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Product Details

  • Release Date: 10/25/1990
  • Label: Warner Bros Uk
  • UPC: 075992719025
  • Catalog Number: 927190
  • Sales rank: 34,134

Tracks

Disc 1
  1. 1 Box of Rain (5:19)
  2. 2 Friend Of The Devil (3:24)
  3. 3 Sugar Magnolia (3:19)
  4. 4 Operator (2:25)
  5. 5 Candyman (6:13)
  6. 6 Ripple (4:09)
  7. 7 Brokedown Palace (4:09)
  8. 8 Till the Morning Comes (3:09)
  9. 9 Attics of My Life (5:14)
  10. 10 Truckin' (5:05)
  11. 11 Truckin'
  12. 12 Friend of the Devil
  13. 13 Candyman
  14. 14 Till the Morning Comes
  15. 15 Attics of My Life
  16. 16 Truckin'
  17. 17 Ripple
  18. 18 American Beauty Radio Spot
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Album Credits

Performance Credits
Grateful Dead Primary Artist
Mickey Hart Percussion, Drums
Jerry Garcia Guitar, Piano, Pedal Steel Guitar, Steel Guitar, Vocals
Bob Weir Guitar, Vocals
Ned Lagin Piano, Keyboards
Howard Wales Organ, Piano, Keyboards
David Grisman Mandolin
Bill Kreutzmann Drums
Phil Lesh Bass, Guitar, Piano, Vocals
Ron "Pigpen" McKernan Harmonica, Keyboards, Vocals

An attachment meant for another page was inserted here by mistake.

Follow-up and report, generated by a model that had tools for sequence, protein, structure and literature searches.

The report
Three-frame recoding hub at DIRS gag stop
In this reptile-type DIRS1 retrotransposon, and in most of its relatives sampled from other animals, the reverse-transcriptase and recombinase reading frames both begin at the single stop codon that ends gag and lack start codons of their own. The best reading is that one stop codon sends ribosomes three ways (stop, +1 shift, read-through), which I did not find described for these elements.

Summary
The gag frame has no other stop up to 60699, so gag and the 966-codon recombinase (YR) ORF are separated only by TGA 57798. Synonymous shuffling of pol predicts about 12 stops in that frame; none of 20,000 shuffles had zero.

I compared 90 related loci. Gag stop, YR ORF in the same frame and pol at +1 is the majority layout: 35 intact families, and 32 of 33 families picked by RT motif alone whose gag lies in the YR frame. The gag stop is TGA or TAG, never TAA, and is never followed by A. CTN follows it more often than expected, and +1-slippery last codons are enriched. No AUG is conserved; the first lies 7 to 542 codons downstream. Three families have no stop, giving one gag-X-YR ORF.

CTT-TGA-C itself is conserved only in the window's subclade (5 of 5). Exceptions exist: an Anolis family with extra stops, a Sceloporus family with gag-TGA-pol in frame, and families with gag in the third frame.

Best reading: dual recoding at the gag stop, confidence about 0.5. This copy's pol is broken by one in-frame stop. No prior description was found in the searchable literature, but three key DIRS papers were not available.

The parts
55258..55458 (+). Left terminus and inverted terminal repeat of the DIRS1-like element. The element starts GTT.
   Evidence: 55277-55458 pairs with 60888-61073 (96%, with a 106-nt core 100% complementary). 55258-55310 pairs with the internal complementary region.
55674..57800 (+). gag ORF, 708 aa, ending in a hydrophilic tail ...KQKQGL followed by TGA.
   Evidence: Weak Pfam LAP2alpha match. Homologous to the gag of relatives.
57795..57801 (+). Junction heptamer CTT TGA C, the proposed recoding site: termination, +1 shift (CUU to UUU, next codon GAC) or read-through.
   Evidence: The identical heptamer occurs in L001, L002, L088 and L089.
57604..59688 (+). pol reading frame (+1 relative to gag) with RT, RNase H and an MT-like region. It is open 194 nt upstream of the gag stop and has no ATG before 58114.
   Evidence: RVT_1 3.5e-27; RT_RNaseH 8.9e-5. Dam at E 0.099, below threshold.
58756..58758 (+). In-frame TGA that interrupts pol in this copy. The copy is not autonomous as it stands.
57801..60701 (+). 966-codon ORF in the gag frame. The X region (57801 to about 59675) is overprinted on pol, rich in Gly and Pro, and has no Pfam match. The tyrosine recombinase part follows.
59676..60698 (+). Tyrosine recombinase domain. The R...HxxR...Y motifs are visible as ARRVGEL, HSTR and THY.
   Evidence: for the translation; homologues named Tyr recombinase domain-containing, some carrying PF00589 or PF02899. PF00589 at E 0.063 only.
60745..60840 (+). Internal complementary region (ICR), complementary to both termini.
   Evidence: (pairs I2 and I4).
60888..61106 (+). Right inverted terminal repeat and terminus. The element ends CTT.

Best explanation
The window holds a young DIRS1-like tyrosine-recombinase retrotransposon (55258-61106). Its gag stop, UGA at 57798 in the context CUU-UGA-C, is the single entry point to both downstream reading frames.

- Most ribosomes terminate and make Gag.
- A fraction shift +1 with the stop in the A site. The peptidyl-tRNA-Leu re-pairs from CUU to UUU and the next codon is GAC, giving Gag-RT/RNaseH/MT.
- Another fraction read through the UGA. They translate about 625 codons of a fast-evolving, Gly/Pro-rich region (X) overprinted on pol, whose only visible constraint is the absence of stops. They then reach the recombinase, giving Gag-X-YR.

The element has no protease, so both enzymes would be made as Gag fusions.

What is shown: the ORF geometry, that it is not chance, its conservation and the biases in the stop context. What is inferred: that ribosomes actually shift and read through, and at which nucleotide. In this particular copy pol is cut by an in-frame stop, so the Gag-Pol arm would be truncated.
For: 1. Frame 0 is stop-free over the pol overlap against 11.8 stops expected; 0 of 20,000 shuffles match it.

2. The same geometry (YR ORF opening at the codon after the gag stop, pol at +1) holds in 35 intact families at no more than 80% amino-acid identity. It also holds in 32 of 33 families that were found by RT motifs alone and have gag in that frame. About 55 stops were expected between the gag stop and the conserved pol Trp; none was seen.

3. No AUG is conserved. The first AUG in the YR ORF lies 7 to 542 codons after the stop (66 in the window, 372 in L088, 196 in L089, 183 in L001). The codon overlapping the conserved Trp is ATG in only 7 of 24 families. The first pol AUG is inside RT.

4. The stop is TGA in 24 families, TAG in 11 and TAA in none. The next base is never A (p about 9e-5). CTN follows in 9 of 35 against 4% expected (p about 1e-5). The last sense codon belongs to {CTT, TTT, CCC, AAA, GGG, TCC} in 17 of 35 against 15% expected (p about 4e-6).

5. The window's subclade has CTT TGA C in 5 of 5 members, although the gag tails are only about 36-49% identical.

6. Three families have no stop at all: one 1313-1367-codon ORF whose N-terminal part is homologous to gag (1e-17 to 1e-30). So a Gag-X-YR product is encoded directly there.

David Nelson Electric Guitar
Dave Torbert Bass
Dave Nelson & the King's Men Electric Guitar
Dave Torbet Bass
Dave Nelson Electric Guitar
Technical Credits
Mickey Hart Engineer, Sound Design
Jerry Garcia Composer
Grateful Dead Producer, Audio Production
New Riders of the Purple Sage Contributor
Bob Weir Composer
Robert Hunter Songwriter, Composer
Greg Allen Reissue Design
Stephen Barncard Producer
John Dawson Composer
Tom Flye Engineer
David Gans Liner Notes
Steve Hall Mastering, Stereo Master
Phil Lesh Composer
David McLees Executive Producer
David Nelson Contributor
Jeffrey Norman Engineer
Rachel Gutek Reissue Design
Dave Collins Pre-Mastering Assistant
Daniel Goldmark Editorial Research
Rudson Shurtliff Engineer
Robin Hurley Producer
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Customer Reviews

Average Rating 4.5
( 2 )
Rating Distribution

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Sort by: Showing all of 2 Customer Reviews
  • Anonymous

    Posted October 1, 2010

    The title says it all

    One of the most underappreciated albums in American music history. It's amazing how little credit this band got as songwriters, all anyone seems to care about is how much drugs they used. Just on this one album you have ''Friend of the Devil'', ''Truckin''', ''Sugar Magnolia'', and ''Box of Rain''. And of course, ''Ripple'', one of the loveliest tunes ever strummed on guitar. Maybe somewhere down the line the Dead will get their due, we'll see.

    Was this review helpful? Yes  No   Report this review
  • Anonymous

    Posted January 7, 2010

    No text was provided for this review.

Sort by: Showing all of 2 Customer Reviews